BRUNSWICK, Ohio — As the summer harvest began to wane at the Brunswick Farmers Market, some new ideas cropped up to help the nonprofit Brunswick Area Historical Society in its efforts to raise funds for its nearly completed “old school” building.
With large-crowd fundraisers stymied by COVID-19, and even many of the usual summer activities curtailed this year, fundraising was painfully slow.
That’s when a new vendor at the markets this year, Stacey Asvestas, stepped in to see if she could help.
Once she heard that the historical society needed to raise money for the building that will house 200 years of Brunswick school artifacts, she jumped into action.
Actually, she skated into action.
Asvestas roller-skated around Heritage Farm from her vendor’s spot this summer, so she skated to each of the vendors at the market and asked if they would contribute to an auction. Because the market season was almost over, she suggested an online auction.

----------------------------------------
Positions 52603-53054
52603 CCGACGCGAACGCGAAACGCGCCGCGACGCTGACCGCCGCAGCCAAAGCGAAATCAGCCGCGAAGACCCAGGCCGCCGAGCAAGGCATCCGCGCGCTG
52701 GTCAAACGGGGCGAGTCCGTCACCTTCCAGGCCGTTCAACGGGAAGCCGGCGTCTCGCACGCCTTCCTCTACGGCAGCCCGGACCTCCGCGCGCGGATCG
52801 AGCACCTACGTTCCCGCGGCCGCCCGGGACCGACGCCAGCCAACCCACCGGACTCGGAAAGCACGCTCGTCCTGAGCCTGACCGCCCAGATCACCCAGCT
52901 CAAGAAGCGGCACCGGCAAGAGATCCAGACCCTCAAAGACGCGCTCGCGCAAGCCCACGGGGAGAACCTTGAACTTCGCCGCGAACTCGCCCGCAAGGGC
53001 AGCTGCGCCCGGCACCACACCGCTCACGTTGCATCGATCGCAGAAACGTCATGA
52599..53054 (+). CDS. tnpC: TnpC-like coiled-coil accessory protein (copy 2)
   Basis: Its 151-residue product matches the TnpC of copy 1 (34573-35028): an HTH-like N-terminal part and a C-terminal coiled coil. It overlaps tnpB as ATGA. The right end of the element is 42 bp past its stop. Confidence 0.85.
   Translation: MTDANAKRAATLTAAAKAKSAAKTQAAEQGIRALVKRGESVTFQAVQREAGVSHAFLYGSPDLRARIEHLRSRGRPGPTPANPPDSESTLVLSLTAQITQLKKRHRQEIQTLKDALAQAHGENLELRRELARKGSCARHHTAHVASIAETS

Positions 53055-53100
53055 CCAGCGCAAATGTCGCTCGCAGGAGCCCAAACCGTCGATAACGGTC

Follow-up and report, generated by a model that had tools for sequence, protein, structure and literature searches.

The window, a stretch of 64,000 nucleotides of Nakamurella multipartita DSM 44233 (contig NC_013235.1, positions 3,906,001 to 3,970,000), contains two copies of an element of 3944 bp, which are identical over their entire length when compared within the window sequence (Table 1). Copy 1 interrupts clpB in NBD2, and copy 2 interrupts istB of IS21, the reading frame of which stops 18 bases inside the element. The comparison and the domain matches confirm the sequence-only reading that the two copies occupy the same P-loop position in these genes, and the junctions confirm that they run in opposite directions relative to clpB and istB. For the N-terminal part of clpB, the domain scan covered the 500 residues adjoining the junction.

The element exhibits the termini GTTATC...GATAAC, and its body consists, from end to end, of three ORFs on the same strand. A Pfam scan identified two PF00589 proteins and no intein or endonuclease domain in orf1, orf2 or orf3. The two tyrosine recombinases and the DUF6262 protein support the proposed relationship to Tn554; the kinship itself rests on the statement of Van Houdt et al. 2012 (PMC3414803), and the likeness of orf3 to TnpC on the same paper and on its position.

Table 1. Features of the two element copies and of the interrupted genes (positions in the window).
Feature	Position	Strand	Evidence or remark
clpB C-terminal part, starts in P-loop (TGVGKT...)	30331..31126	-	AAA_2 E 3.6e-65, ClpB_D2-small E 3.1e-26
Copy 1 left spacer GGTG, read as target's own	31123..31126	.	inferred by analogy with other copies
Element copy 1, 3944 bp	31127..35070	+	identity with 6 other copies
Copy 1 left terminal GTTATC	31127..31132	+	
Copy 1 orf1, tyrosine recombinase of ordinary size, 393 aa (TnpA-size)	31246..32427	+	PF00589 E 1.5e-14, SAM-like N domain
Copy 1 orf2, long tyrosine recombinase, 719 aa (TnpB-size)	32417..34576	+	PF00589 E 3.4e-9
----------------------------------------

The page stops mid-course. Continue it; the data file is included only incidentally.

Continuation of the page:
Then, she worked with Ken Chamers, the historical society’s internet guru, to start the auction of items donated by the many vendors and other members of the community.
The first one-week auction started on Monday, Oct. 5 — the day following the last farmers market. The hope is to take the auctions through to the Christmas shopping season — and maybe beyond, she said.
Although Asvestas is new to the farmers market, she is no stranger to the area; she grew up in Valley City and is a Buckeye High School graduate. She is the mother of three and has two grandchildren.
While her children were young, she bought and sold classic cars. She also worked part-time at Miss Molly’s Tea Room in Medina for 15 years. She then formed a 501c(3) nonprofit organization.
“It’s a musical ministry — helping at-risk young people